New Discovery: Natural Sauvignon Blanc from the Pfalz
If you’ve ever had the wonderful Sauvignon Blancs from Von Winning, you know that Germany’s Pfalz district (adjacent to Alsace in France) is very much capable of being a secret source of this noble grape. Today, we offer an alt version of Von Winning’s Sauvignon Blanc: an all natural gem made by Stefan Bietighofer.
Sauvignon Blanc is tricky. You need a site with good water retention. You also need a site where ripeness is perfectly achieved. Too little ripeness, and the wine’s green notes dominate (and people start to complain about “cat’s pee”). Too much ripeness, and people say that the wine tastes like something from New Zealand – usually meant as a complaint, in this context.
It’s perhaps no surprise that very few regions of Europe have succeeded in making great Sauvignon Blanc. There is Sancerre and Pouilly-Fume, of course, as well as a few corners of Alpine Italy, but that’s about it. Now, however, a few corners of Germany are starting to discover that they can make pretty good Sauvignon Blanc too.
Or “re”-discovering it, we should say. The grape actually played a role in Germany’s vineyards in the early part of the 20th century, but the Nazis banned the grape declaring that it was an “enemy wine”. We are baffled.
In the Pfalz, as Von Winning has proven, the grape can achieve that perfect level of ripeness where the fruit can express itself with clarity, where the herbaceousness is there but not overpowering, and where there is still just enough tension in the wine to showcase its acidities and, most of all, its terroir.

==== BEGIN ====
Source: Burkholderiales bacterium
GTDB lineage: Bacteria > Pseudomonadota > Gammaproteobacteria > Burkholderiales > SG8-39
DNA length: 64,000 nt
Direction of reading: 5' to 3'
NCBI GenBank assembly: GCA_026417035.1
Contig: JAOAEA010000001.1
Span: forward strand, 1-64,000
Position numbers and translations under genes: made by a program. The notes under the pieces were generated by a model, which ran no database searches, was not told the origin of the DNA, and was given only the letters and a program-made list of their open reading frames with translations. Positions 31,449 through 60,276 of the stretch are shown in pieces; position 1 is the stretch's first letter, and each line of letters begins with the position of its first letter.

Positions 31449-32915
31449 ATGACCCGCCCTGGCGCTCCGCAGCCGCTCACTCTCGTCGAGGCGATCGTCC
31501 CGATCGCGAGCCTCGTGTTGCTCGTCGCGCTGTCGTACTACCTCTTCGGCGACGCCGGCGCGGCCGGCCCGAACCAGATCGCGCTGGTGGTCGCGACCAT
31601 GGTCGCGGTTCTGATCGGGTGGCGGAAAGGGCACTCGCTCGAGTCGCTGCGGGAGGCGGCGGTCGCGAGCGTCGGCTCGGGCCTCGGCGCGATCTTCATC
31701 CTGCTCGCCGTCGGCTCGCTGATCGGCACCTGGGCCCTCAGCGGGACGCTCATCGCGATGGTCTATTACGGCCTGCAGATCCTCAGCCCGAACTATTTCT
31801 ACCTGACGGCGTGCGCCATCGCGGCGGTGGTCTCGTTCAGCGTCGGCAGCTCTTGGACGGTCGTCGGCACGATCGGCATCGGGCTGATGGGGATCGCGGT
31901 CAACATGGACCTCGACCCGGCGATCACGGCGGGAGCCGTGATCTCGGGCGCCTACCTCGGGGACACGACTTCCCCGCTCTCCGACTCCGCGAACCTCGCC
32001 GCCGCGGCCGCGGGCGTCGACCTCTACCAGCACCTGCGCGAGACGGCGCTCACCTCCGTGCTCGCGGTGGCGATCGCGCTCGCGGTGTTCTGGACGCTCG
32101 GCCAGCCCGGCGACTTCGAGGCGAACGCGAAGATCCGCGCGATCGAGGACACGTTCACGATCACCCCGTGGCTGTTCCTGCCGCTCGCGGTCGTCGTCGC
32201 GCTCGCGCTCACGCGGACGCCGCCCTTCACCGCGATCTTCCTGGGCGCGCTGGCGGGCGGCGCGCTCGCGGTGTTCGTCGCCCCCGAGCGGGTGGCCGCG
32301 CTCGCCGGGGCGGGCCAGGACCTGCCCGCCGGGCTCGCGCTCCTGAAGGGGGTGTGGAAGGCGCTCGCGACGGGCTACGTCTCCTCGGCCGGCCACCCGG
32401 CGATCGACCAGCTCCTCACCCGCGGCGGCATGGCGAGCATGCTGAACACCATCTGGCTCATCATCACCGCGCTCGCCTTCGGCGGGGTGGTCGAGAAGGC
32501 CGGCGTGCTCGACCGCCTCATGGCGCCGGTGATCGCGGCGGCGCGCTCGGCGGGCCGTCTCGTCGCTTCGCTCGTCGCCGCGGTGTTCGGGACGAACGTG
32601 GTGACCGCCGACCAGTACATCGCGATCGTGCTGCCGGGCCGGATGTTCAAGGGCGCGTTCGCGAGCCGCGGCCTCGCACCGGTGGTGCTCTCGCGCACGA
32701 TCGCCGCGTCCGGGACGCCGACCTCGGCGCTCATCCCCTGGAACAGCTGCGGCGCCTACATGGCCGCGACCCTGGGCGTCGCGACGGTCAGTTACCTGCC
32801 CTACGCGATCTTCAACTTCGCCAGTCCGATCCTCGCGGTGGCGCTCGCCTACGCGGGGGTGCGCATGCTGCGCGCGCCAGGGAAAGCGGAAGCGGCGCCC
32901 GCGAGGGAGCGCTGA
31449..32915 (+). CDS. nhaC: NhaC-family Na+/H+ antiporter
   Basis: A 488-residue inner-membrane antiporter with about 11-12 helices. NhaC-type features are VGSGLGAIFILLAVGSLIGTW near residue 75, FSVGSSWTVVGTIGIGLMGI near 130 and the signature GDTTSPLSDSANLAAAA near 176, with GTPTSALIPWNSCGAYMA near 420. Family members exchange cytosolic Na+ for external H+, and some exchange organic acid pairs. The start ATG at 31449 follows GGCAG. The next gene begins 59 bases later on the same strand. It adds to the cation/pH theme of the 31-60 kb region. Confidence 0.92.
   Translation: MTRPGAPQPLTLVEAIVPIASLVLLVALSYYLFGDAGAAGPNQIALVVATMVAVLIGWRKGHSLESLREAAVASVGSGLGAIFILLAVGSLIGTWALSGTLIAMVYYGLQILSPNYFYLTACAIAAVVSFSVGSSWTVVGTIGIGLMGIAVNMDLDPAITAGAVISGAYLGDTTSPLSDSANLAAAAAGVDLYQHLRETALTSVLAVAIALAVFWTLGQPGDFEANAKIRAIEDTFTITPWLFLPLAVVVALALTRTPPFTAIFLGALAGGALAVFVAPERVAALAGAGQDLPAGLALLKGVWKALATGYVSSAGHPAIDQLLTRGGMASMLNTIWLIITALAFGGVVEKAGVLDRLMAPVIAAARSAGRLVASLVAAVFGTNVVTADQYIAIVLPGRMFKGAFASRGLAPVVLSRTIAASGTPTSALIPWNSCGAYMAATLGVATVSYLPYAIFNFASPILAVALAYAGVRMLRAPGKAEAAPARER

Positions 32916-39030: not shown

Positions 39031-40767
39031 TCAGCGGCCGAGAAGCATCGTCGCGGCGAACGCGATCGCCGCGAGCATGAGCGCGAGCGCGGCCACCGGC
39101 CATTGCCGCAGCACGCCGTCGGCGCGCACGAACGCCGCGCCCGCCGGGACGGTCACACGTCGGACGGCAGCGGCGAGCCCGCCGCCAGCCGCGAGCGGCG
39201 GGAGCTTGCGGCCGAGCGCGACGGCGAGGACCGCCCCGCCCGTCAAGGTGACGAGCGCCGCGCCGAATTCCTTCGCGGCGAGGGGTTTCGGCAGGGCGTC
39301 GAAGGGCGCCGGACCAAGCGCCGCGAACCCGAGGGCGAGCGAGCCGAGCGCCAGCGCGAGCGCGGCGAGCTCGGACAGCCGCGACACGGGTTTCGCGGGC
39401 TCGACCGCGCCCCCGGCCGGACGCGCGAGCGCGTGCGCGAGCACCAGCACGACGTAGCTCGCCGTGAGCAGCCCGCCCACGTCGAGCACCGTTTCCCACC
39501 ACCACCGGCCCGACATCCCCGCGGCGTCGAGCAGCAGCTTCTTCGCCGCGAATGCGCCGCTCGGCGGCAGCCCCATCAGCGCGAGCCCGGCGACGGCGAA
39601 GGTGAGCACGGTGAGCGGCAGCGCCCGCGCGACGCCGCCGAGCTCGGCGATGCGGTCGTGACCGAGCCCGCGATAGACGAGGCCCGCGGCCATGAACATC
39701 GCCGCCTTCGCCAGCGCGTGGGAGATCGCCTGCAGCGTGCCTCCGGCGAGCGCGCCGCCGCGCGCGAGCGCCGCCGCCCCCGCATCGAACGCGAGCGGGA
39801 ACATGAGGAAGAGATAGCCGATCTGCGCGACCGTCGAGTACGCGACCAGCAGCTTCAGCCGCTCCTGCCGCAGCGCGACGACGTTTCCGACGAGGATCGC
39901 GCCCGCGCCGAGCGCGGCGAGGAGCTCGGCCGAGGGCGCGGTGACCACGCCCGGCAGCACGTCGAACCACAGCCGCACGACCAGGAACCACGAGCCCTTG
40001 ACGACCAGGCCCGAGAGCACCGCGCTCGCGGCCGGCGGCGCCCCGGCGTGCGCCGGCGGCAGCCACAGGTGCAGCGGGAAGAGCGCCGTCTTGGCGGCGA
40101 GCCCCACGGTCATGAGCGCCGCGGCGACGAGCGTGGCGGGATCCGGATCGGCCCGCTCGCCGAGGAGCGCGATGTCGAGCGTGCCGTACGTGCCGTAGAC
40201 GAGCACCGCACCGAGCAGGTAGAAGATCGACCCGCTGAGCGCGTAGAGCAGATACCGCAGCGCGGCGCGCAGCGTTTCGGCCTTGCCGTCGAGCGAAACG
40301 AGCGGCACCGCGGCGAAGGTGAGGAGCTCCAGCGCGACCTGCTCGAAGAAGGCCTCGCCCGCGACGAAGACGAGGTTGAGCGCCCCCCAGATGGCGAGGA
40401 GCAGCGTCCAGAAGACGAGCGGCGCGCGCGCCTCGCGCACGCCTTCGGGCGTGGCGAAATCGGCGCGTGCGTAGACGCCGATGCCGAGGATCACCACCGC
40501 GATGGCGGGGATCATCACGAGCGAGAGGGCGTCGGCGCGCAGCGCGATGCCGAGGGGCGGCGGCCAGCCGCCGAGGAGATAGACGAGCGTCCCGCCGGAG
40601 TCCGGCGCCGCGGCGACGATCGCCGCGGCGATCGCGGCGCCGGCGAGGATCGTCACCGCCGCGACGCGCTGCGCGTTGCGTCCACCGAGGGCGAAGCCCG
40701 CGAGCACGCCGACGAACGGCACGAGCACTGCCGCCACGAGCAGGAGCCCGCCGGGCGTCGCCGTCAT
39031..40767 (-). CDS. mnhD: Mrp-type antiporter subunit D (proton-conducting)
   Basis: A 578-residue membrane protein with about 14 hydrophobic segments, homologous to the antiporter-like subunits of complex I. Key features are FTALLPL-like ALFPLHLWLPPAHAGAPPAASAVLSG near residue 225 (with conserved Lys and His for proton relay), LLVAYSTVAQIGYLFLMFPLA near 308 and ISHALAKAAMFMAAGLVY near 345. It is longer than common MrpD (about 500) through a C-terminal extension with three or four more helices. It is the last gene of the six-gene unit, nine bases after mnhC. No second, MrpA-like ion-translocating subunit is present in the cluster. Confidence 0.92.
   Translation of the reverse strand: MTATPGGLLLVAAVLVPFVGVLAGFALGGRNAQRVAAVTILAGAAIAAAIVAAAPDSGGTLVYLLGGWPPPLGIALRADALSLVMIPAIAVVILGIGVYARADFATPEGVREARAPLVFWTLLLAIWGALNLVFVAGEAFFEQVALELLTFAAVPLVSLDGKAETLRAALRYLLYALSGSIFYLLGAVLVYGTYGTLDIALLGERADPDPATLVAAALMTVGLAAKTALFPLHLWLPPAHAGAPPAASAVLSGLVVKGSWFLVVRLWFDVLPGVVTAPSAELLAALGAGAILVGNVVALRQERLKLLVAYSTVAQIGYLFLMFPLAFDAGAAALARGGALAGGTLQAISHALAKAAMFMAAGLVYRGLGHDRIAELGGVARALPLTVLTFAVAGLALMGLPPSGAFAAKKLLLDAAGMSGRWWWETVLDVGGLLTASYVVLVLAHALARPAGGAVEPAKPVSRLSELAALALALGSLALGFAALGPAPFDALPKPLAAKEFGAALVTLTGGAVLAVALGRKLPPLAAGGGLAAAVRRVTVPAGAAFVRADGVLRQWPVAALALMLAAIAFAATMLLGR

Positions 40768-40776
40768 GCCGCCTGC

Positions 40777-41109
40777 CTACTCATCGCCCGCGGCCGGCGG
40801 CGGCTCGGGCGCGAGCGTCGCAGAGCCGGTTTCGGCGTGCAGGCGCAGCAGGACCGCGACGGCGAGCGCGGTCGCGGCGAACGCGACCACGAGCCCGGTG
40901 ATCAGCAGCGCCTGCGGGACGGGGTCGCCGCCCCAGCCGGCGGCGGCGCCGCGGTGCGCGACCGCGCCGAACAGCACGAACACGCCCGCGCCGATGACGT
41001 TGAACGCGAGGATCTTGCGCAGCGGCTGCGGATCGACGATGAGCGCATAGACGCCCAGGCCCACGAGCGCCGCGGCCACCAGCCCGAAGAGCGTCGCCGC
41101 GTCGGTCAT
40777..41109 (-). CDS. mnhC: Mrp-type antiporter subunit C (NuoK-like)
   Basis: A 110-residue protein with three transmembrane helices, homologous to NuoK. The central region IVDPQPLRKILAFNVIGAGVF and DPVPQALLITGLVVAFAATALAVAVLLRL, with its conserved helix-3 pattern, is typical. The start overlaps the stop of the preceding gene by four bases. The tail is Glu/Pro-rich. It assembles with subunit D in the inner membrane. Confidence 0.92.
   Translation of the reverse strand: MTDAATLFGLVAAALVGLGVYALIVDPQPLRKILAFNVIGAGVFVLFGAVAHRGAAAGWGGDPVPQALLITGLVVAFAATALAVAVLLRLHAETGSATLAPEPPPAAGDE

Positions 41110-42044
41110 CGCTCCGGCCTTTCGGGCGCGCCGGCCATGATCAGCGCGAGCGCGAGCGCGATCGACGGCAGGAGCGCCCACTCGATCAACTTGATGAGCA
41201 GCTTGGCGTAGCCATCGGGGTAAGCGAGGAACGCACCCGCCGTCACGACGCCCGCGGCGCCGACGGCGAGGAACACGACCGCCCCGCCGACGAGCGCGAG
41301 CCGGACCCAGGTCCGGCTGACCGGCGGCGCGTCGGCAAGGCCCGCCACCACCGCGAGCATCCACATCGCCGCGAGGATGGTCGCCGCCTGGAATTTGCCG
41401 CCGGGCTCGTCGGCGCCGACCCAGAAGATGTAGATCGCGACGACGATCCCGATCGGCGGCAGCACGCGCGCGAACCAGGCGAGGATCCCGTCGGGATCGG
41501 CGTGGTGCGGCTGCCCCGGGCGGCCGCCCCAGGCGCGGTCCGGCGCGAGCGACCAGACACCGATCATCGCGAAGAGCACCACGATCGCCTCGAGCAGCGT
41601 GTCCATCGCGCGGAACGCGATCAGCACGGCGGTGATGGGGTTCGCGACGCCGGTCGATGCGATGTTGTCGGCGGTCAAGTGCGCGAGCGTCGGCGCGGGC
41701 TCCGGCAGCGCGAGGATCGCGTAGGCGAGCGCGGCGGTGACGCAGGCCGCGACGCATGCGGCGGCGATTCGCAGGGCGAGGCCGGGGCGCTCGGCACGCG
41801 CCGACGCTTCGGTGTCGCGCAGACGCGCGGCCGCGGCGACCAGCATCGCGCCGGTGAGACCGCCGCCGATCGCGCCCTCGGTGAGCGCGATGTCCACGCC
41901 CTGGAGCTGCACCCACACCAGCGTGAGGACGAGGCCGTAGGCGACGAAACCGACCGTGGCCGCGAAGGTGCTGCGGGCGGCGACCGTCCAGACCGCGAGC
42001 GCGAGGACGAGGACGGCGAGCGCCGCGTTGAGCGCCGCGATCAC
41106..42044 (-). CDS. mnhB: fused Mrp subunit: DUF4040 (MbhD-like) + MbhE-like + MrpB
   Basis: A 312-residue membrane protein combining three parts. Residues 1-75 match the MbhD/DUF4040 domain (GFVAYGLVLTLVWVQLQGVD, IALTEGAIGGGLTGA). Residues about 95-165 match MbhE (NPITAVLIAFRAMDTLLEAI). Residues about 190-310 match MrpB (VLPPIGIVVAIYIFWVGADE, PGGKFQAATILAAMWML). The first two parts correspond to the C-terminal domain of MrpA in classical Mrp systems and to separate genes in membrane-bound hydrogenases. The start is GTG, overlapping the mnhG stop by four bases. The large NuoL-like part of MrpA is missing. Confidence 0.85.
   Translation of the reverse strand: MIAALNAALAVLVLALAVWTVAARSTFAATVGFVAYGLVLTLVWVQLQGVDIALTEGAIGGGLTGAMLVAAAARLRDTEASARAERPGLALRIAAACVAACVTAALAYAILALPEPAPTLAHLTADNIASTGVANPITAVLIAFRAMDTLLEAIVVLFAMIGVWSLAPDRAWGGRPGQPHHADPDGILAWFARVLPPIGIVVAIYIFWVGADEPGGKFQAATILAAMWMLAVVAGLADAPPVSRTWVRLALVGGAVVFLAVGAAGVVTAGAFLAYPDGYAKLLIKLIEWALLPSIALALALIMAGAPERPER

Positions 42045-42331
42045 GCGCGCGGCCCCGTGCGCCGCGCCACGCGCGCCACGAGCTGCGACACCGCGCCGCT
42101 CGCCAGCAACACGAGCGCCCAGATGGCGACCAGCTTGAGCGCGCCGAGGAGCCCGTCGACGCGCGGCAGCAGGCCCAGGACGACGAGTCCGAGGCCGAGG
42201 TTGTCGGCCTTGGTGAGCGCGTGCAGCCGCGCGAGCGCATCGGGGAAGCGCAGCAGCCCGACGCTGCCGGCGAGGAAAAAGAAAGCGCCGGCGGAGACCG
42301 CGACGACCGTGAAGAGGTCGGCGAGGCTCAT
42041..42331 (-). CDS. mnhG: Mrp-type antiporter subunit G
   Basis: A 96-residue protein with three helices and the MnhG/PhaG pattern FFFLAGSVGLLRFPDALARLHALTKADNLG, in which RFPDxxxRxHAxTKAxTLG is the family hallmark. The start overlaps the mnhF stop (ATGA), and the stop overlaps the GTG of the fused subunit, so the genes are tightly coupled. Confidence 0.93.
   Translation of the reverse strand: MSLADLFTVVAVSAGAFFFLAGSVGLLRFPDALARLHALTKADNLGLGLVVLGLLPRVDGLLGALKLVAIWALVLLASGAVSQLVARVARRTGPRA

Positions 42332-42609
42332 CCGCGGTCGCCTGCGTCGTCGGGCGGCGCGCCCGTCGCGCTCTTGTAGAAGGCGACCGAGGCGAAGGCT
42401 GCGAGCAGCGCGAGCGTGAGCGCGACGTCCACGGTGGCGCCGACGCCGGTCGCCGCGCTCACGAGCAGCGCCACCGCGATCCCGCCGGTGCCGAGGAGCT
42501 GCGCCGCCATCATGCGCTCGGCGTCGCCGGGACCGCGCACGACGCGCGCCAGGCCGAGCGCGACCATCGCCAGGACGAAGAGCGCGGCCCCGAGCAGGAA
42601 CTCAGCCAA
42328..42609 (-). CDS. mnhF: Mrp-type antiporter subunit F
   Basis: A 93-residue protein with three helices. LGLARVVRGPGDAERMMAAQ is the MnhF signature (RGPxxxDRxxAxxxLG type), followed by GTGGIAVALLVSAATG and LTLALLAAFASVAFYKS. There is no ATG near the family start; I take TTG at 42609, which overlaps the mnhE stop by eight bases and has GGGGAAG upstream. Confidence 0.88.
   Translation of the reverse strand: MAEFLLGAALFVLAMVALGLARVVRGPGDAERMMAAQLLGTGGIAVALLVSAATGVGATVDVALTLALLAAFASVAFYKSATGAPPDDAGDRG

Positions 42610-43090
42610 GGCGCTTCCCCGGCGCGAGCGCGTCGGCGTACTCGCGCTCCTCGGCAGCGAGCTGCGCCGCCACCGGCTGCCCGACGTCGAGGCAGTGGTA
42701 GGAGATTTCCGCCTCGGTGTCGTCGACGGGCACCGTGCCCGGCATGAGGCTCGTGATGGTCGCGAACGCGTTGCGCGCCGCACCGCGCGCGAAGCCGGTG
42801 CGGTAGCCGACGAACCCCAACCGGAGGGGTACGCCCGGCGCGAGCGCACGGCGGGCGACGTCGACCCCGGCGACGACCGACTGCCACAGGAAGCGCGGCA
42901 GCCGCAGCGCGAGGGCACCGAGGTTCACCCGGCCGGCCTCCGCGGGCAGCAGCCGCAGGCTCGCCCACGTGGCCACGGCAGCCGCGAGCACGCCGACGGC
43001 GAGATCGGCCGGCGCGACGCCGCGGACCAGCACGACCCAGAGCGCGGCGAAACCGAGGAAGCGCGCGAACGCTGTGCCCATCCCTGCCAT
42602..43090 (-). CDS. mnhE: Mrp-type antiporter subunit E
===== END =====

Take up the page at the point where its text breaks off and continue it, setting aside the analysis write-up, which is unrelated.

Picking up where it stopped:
Now it is the turn of Stefan Bietighofer to do the same. His tiny, all natural outfit produces a full range of local Pfalz wines, but his Sauvignong Blanc really stands out as something unique and unlike anything else we have ever tasted. It is “natural”, but without being cloudy and funky. It is structured and deep – thanks to aging in 500L barrels – and even has a serious side, almost like a sophisticated Pouilly Fumé. But the Sauvignon variety comes across clear as a day, through gooseberry and lemon grass and a gentle herbaceousness that tastes to us like shishito!
Imbued with complexity, the wine itself may not be such a simple pleasure, but the sheer joy of discovering something new like this surely is:
Bietighofer Sauvignon Blanc Grande Reserve 2021- $37.99
This story was originally featured in our newsletter, where it was offered at a special subscribers-only discount. Subscribers get special offers, the first look at new discoveries, invites to events, and stories about wines and the artisans that make them.